Fit Legs May Be the Key to a Healthier Brain

Recent research out of King’s College in London has found healthier legs to be associated with a healthier, younger brain. It is nothing new to say that a healthy body produces a healthy mind. However, stronger legs may significantly boost your brain’s strength, as well.

The study, published in the November issue of Gerontology, examined the legs of more than 150 sets of female twins between the ages of 43 and 73 — with an average age of roughly 55. Researchers claimed that the women’s brains aged slower in those with stronger legs. Interestingly, the researchers suggested that having stronger legs may be a more important factor in brain health than a healthy diet and lifestyle. 

The women participants completed the Cambridge Neuropsychological Test Automated Battery (CANTAB), along with health baselines and leg strength. Then, the twins took the same tests 10 years later to examine the associations between brain aging, health, diet, and leg strength. Interestingly, the study found that the twin with the stronger legs had fewer age-related brain changes.

The study concluded, “Leg power predicts both cognitive aging and global brain structure, despite controlling for common genetics and early life environment shared by twins.”  In fact, the twin with 25 percent stronger legs could expect five years less mental decline than her sibling, according to the study.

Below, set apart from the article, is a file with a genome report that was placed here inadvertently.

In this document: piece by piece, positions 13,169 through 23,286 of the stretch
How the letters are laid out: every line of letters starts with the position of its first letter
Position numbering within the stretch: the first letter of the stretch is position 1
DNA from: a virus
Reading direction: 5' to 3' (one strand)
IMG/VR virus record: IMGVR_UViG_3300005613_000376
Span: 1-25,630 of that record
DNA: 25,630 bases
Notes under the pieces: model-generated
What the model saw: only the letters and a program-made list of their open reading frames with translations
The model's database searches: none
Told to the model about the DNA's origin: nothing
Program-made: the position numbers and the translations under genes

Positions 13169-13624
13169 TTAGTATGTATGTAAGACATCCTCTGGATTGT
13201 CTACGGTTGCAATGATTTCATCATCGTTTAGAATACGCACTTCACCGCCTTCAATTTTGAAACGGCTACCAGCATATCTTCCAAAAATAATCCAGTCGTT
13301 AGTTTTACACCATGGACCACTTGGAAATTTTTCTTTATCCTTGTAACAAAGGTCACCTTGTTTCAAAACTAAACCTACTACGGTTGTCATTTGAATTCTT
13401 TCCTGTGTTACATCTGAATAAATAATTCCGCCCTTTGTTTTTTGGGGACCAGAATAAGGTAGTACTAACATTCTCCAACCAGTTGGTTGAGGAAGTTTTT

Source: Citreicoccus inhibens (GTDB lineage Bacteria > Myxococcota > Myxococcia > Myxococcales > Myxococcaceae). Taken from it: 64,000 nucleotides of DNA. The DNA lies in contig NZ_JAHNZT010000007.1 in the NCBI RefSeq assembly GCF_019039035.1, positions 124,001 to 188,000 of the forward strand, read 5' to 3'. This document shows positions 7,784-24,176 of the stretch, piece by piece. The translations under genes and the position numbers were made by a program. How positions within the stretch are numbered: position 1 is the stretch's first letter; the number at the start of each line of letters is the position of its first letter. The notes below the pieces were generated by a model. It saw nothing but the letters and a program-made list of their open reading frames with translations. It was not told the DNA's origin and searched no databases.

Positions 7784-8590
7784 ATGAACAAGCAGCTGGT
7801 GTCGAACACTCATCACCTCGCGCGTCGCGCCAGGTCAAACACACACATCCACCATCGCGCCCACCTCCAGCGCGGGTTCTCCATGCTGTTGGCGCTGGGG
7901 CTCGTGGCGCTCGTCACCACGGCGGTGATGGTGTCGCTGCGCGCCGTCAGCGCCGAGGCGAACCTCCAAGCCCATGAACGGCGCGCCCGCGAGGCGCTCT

The connection between physical activity and how your brain ages has been studied for decades in hopes of battling many of the most serious and common cognitive diseases, including dementia and Alzheimer’s disease. A study published in the Journal of the American Geriatrics Society (2003) also examined the effects of cardiorespiratory exercise in older adult males in association with cognitive aging. 

Sporty legs on the mountain hillThis 2003 study found similar results, concluding, “High cardiorespiratory fitness may protect against cognitive dysfunction in older people.”

Based on this research, starting your morning with a brisk walk or run around the neighborhood before a few at-home leg exercises will not only keep your legs looking good, but may also keep you as sharp as a tack. Just don’t forget to eat a healthy diet as well: diet and fitness are both crucially important to keeping your body and mind as healthy as possible.

—Stephen Seifert

Stephen Seifert is a writer, professor, adventurer and a health & fitness guru. His flair for travel and outdoor adventure allows him to enjoy culture and traditions different than his own. A healthy diet, routine fitness and constant mental development is the cornerstone to Stephen’s life.



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